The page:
Manchester - Adil Rashid believes England would be on the brink of whitewashing Australia 5-0 even if the world champions had been able to select their strongest one-day international side.
England head into Sunday's series finale at Old Trafford just one win away from completing their first 5-0 clean sweep in any format against Australia in more than 140 years of matches between the arch-rivals.
The tourists, however, are without six first-choice ODI players.
Former captain Steve Smith and his deputy David Warner, two of the world's leading batsmen, were both given year-long bans for their roles in the Cape Town ball-tampering scandal in March that saw Test opener Cameron Bancroft receive a nine-month suspension for applying sandpaper to the ball.
Meanwhile Ashes-winning fast bowlers Mitchell Starc, Pat Cummins and Josh Hazlewood were not selected for this current tour because of injury, with all-rounder Mitchell Marsh ruled out as well.
But most of those absentees were involved when England, following their Ashes hammering, won 4-1 in an ODI series in January.
Eoin Morgan's men have since gone on to cement their place at number one in the ODI world rankings and leg-spinner Rashid, asked if the current series would have turned out differently against a full-strength Australia side told reporters at Old Trafford on Saturday: "No, I don't think so.
"Those players were still playing in Australia - Steve Smith, Warner, Cummins, Hazlewood. They were still playing.
"We won 4-1 there, and here it's 4-0, so I think it's very similar."
But England leg-spinner Rashid stressed the side were keen to avoid getting ahead of themselves, saying of a possible clean sweep: "We're not talking about that at the moment.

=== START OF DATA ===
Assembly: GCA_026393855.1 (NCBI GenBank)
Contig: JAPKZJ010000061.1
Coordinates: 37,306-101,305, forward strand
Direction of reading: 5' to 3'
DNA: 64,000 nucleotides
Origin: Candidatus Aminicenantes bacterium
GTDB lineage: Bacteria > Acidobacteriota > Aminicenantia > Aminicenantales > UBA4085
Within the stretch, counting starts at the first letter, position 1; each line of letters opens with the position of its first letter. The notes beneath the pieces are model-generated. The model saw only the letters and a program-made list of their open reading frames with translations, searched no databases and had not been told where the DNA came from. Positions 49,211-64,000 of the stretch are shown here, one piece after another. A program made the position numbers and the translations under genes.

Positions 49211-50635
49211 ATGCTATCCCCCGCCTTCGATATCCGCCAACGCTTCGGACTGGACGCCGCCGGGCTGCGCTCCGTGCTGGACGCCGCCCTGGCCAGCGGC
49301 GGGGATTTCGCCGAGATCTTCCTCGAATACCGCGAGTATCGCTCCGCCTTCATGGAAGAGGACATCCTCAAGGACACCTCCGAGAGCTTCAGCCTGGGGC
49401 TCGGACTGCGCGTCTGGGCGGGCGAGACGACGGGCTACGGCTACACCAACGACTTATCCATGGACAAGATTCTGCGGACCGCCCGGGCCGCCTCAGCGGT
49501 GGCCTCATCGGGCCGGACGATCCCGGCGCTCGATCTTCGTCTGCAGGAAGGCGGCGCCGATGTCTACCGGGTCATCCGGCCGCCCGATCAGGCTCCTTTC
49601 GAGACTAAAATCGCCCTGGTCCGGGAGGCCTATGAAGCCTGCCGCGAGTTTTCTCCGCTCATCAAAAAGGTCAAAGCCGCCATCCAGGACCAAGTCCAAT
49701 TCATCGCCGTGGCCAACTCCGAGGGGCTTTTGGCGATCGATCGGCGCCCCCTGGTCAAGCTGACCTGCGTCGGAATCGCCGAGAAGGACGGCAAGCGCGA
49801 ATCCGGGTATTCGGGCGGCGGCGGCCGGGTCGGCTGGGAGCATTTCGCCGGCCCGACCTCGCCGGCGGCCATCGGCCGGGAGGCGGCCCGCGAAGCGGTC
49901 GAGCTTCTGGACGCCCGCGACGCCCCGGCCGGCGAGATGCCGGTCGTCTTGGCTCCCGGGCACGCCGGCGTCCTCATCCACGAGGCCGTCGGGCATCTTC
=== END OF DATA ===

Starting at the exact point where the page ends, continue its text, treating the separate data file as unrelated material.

"Once the game's done, if you've got the whitewash, then you've got things to talk about."
Spin has proved Australia's undoing this series, with Rashid the leading England wicket-taker with 11 dismissals and 19 together with off-spinner Moeen Ali.
Old Trafford has a reputation for aiding spinners but Rashid emphasised the importance of not taking conditions at the Manchester ground for granted.
"We can't take it lightly but once know you have one over (a team), you've got (a few) wickets, you know they'll always have that in the back of their minds.
Thursday's six-wicket win at Chester-le-Street, a result that put the hosts 4-0 up in the series, also saw Rashid become England's most successful spinner in ODI cricket, with his tally of 106 wickets taking him above retired off-spinner Graeme Swann.
"I'm proud of that," said Rashid.
"Swanny was a great bowler for England across all formats, so going past him means a lot."
Rashid, however, will not be adding to his tally of 38 wickets in 10 Tests anytime soon, having taken the controversial decision to abandon all red-ball cricket this season ahead of next year's World Cup on home soil.
"I've got no regrets," insisted the 30-year-old Yorkshireman.
"Whether things had been going well or badly for me, I wouldn't have any regrets.
"It's the decision I made, and I'm happy with it," he added.